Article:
first_imgThe chairman of Britain’s biggest supermarket, Tesco, is to step down following its catastrophic profit overstatement, confirmed at £263m.In its half-year interim results this morning, the retailer revealed that pre-tax profits plummeted by 92%, while like-for-like sales were down 4.6%.The black hole in Tesco’s profits has been stated as £263m after Deloitte’s internal investigation. This is an increase on the original £250m estimation.Underlying profit before tax was £783m, down almost 47% on the previous year.Sir Richard Broadbent, chairman of the struggling supermarket, said he was resigning on the principle of accountability for the profit blunder on behalf of the board.He said: “The issues that have come to light over recent weeks are a matter of profound regret. We have acted quickly to clarify the financial performance of the company.“A new management team is in place to address the root causes of the mis-statement and to develop and implement the actions that will build the company’s future.“Once this transition is complete and business plans are in place, it will mark the beginning of a new phase for the company and I will begin, now, to prepare the ground to ensure an orderly process for my own succession at that time.”Customer focusDave Lewis, chief executive, who was called to the helm of Tesco in September, has emphasised the company’s need to put the customers back at the heart of the business. He said: “Our business is operating in challenging times. Trading conditions are tough and our underlying profitability is under pressure. We do, however, face these challenges from a position of market strength and I have been heartened by the team’s welcome and their determination to stay focused on doing the very best for our customers.“Whilst my review of the whole business continues, three immediate priorities are clear: to recover our competitiveness in the UK; to protect and strengthen our balance sheet; and to begin the long journey back to building trust and transparency into our business and brand.”The Deloitte report found profits were overstated by £118m in the first half of this year, £70m in the financial year 2013-2014 and by £75m prior to that.Eight executives have been suspended so far since the mistake, but Tesco has said there was no evidence of fraud or personal gain from it. Tesco released a video this morning of an interview with Lewis regarding the half year results, from 26 weeks ended 23 August 2014.last_img read more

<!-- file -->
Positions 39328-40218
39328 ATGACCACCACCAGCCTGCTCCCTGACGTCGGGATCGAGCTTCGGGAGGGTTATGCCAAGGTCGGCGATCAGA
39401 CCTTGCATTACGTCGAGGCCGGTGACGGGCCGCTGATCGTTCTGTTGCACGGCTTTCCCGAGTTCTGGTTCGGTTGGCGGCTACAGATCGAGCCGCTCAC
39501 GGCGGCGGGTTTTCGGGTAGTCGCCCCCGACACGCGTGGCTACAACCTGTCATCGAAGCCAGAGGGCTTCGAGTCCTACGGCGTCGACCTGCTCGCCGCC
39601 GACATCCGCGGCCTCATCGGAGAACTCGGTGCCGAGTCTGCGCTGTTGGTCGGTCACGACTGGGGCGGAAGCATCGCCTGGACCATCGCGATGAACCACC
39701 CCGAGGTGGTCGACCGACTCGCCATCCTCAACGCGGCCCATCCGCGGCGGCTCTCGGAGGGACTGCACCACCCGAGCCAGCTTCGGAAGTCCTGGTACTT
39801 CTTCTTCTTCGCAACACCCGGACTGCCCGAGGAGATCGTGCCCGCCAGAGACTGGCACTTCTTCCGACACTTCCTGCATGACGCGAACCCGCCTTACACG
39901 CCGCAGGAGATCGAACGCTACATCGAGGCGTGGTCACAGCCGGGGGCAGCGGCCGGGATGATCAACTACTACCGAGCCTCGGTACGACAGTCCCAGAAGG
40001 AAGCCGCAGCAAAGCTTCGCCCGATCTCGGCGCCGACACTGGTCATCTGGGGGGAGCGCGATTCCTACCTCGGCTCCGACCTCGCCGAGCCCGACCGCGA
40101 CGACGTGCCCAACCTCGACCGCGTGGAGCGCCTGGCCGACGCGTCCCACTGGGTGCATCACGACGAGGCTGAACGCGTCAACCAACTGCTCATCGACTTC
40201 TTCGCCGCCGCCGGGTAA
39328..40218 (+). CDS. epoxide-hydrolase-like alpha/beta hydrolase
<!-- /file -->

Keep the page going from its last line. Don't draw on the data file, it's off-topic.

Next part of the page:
Read More →